None of the cases cited in McLitus support the requirement that title be perfected before service of the notice to quit: Baugh v. Consumers Associates, Limited (1966) 241 Cal.App.2d 672, 674-675 and Bevill v. Zoura (1994) 27 Cal.App.4th 694, 697 (Bevill), consider the required contents of a notice to quit served in a landlord-tenant dispute, not one served after a trustee's sale. The contents of the two notices are different. (Compare § 1161, subd. (2) with § 1161a, subd. (b)(3).) Stonehouse Homes LLC v. City of Sierra Madre (2008) 167 Cal.App.4th 531, 540-541, discusses when a controversy is ripe in a declaratory judgment action, not the type of proceeding here. Kessler v. Bridge (1958) 161 Cal.App.2d Supp. 837, 841, describes the steps required to perfect title, an issue not raised in this case. Garfinkle v. Superior Court (1978) 21 Cal.3d 268, 275 (Garfinkle) and Salazar v. Thomas (2015) 236 Cal.App.4th 467, 480, suggest, in dicta, that the purchaser of property at a trustee's sale “is entitled to bring an unlawful detainer action” (Garfinkle, at p. 275) after recording the trustee's deed: precisely what happened here.
The McLitus court read Bevill's statement that a three-day notice “is a prerequisite to an unlawful detainer action” (Bevill, supra, 27 Cal.App.4th at p. 697) as holding that service of the three-day notice marks the start of an unlawful detainer action. But one does not “bring an unlawful detainer action” by serving a notice to quit.
A trial court acquires jurisdiction over the parties when the plaintiff serves the defendant with the unlawful detainer summons and complaint. (Borsuk v. Appellate Division of Superior Court (2015) 242 Cal.App.4th 607, 612.) Service of the notice to quit is an element of the action that must be alleged in the complaint and proven at trial (id. at pp. 612-613), but it does not give the court jurisdiction over the parties (id. at pp. 616-617). Filing of the complaint is the beginning of an unlawful detainer action. Because title was perfected before the complaint was filed, the unlawful detainer proceedings were valid. To conclude otherwise, we would have to rewrite section 1161a, subdivision (b)(3) to add the requirement that title be perfected before the notice to quit is served. That, however, is a legislative function.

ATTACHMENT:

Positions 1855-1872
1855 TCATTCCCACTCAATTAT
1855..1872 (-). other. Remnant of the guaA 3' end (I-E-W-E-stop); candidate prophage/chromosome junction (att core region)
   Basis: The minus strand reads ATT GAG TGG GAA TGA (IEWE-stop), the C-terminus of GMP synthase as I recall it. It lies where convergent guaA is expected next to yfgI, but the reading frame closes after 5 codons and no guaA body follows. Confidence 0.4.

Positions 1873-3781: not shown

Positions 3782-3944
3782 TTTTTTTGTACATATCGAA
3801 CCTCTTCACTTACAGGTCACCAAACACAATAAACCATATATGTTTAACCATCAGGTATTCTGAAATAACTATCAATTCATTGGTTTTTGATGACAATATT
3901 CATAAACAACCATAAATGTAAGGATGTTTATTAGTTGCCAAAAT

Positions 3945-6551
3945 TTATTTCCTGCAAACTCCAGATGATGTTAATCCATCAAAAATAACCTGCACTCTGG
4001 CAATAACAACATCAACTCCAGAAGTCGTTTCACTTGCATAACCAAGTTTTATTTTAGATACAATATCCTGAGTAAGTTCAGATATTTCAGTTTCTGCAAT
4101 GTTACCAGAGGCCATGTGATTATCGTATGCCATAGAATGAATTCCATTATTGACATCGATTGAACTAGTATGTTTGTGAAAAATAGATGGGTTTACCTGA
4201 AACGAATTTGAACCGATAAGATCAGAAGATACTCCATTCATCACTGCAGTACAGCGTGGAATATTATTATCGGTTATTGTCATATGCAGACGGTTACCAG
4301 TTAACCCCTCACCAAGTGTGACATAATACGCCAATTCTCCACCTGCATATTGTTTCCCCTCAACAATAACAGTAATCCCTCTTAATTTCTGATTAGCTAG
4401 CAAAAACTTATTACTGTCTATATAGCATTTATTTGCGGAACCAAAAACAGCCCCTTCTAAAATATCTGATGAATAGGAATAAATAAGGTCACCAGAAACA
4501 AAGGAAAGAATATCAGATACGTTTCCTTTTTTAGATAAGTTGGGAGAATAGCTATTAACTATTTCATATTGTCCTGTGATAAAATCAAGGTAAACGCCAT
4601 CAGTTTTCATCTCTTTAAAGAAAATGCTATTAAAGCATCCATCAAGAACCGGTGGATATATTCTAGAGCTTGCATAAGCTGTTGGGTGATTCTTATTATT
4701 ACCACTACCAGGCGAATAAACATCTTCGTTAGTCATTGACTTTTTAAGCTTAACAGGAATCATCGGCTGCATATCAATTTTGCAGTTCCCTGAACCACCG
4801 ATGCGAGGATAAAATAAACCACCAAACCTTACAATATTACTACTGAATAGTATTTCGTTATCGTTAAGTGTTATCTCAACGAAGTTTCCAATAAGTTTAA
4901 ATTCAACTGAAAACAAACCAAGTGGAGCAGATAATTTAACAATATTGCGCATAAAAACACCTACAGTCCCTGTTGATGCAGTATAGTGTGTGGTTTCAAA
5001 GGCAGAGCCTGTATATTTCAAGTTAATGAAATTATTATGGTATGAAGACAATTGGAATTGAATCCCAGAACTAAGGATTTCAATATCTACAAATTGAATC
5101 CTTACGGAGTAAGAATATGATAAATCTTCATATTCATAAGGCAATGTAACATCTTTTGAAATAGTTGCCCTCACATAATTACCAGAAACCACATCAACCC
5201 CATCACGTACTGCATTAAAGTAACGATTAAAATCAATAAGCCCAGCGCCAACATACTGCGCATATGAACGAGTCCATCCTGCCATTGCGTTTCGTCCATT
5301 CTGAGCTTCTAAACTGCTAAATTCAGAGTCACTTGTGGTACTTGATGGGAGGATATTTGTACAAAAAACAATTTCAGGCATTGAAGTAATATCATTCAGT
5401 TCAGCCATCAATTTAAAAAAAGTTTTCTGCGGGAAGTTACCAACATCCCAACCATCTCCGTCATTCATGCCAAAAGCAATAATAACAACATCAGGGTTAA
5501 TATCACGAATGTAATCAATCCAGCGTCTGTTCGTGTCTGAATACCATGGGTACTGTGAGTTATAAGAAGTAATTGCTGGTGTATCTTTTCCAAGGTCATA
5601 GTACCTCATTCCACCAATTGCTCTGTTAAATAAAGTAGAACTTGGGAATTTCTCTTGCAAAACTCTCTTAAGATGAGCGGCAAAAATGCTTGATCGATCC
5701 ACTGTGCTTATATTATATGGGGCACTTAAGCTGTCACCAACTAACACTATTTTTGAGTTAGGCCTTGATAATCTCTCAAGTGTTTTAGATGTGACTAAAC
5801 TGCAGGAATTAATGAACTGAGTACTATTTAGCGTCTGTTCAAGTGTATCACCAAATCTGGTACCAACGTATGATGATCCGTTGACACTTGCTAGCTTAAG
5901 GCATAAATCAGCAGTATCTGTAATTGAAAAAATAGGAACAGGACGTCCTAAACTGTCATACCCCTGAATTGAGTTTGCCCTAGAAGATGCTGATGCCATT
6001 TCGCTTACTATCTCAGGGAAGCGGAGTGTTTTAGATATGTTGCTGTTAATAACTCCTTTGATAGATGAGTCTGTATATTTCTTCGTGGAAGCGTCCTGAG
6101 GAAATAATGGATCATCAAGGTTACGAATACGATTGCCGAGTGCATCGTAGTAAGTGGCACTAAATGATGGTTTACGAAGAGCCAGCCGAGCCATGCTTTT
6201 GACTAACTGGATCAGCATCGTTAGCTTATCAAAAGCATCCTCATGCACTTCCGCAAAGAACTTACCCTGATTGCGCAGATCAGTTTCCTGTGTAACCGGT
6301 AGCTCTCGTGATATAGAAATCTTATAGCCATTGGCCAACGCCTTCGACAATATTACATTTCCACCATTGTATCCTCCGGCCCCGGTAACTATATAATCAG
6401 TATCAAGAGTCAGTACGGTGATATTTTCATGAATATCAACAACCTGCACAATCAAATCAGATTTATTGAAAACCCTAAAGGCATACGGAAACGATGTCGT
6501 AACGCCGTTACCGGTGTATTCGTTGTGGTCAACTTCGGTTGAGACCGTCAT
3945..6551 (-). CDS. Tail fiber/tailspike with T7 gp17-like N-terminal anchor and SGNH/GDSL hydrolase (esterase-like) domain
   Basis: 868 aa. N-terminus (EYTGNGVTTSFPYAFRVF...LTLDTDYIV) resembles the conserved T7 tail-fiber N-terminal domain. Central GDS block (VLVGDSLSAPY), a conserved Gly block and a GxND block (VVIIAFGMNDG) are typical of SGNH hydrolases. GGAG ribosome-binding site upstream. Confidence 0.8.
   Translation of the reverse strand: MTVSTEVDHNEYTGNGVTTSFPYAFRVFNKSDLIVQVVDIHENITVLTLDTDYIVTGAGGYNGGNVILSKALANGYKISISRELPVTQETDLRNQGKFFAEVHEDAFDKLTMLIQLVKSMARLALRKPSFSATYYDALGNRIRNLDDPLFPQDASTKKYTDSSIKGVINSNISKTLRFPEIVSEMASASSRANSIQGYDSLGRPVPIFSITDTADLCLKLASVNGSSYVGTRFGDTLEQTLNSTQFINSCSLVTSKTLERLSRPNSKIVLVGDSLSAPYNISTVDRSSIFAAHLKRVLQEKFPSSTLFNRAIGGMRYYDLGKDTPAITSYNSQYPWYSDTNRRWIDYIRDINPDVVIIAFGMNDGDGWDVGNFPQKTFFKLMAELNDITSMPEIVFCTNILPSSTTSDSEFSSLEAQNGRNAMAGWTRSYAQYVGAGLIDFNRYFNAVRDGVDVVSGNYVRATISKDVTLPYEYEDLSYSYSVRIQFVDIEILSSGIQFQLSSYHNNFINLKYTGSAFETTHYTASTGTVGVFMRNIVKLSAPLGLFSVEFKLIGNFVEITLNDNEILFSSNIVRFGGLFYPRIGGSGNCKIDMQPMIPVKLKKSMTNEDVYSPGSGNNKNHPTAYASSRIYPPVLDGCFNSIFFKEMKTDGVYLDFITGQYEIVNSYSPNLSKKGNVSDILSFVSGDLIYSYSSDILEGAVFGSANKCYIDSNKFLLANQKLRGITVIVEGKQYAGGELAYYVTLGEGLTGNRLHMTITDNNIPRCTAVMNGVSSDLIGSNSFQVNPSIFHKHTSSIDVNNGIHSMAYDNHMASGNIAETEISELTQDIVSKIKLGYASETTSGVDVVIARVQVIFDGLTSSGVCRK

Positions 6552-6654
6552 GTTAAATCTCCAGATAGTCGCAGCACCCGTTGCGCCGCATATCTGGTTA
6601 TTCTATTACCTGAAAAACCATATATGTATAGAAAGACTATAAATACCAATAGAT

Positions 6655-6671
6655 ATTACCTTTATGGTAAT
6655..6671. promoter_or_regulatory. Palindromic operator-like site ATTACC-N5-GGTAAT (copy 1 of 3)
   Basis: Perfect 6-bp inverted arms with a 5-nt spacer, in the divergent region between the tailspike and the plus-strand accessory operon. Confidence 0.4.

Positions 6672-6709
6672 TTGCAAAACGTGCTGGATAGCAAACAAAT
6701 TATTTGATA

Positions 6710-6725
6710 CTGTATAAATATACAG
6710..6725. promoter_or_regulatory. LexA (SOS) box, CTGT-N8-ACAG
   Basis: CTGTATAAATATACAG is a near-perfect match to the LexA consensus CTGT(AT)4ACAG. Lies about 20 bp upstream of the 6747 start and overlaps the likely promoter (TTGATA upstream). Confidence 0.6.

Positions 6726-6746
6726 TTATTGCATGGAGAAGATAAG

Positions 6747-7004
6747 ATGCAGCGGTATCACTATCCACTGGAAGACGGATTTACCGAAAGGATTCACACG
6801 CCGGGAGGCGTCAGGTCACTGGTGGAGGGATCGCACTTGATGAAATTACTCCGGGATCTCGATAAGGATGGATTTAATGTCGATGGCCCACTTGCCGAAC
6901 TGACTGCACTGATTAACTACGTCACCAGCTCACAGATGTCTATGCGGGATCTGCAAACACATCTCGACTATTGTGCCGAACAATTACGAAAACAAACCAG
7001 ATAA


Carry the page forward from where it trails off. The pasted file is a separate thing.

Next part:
The motion to dismiss the appeal is denied. The judgment is affirmed. Leevil is awarded costs on appeal.
CERTIFIED FOR PUBLICATION.
1. All statutory references are to the Code of Civil Procedure unless otherwise stated.
2. The automatic subordination clause is at paragraph 21.6 of the lease: “This Lease is and shall be subordinated to all existing and future liens and encumbrances against the Premises.”
3. The permissible subordination clause with a nondisturbance provision is at paragraph 19: “Landlord shall have the right to subordinate this Lease to any deed of trust or mortgage encumbering the Premises ․ Tenant shall cooperate with Landlord and any lender which is acquiring a security interest in the Premises or the Lease. Tenant shall execute such further documents and assurances as such lender may require, provided that Tenant's obligations under this Lease shall not be increased in any material way, and Tenant shall not be deprived of its rights under this Lease. Tenant's right to quiet possession of the Premises during the Term shall not be disturbed if Tenant pays the rent and performs all of Tenant's obligations under this Lease and is not otherwise in default.”
4. Given our conclusion, there is no need to consider Westlake Health's claim that the trial court erred in finding that Leevil was not bound by the nondisturbance clause as a third-party beneficiary. (Schabarum v. California Legislature (1998) 60 Cal.App.4th 1205, 1216.)
We concur: YEGAN, Acting P. J. PERREN, J.
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Docket No: 2d Civil No. B266931
Decided: March 07, 2017
Court: Court of Appeal, Second District, Division 6, California.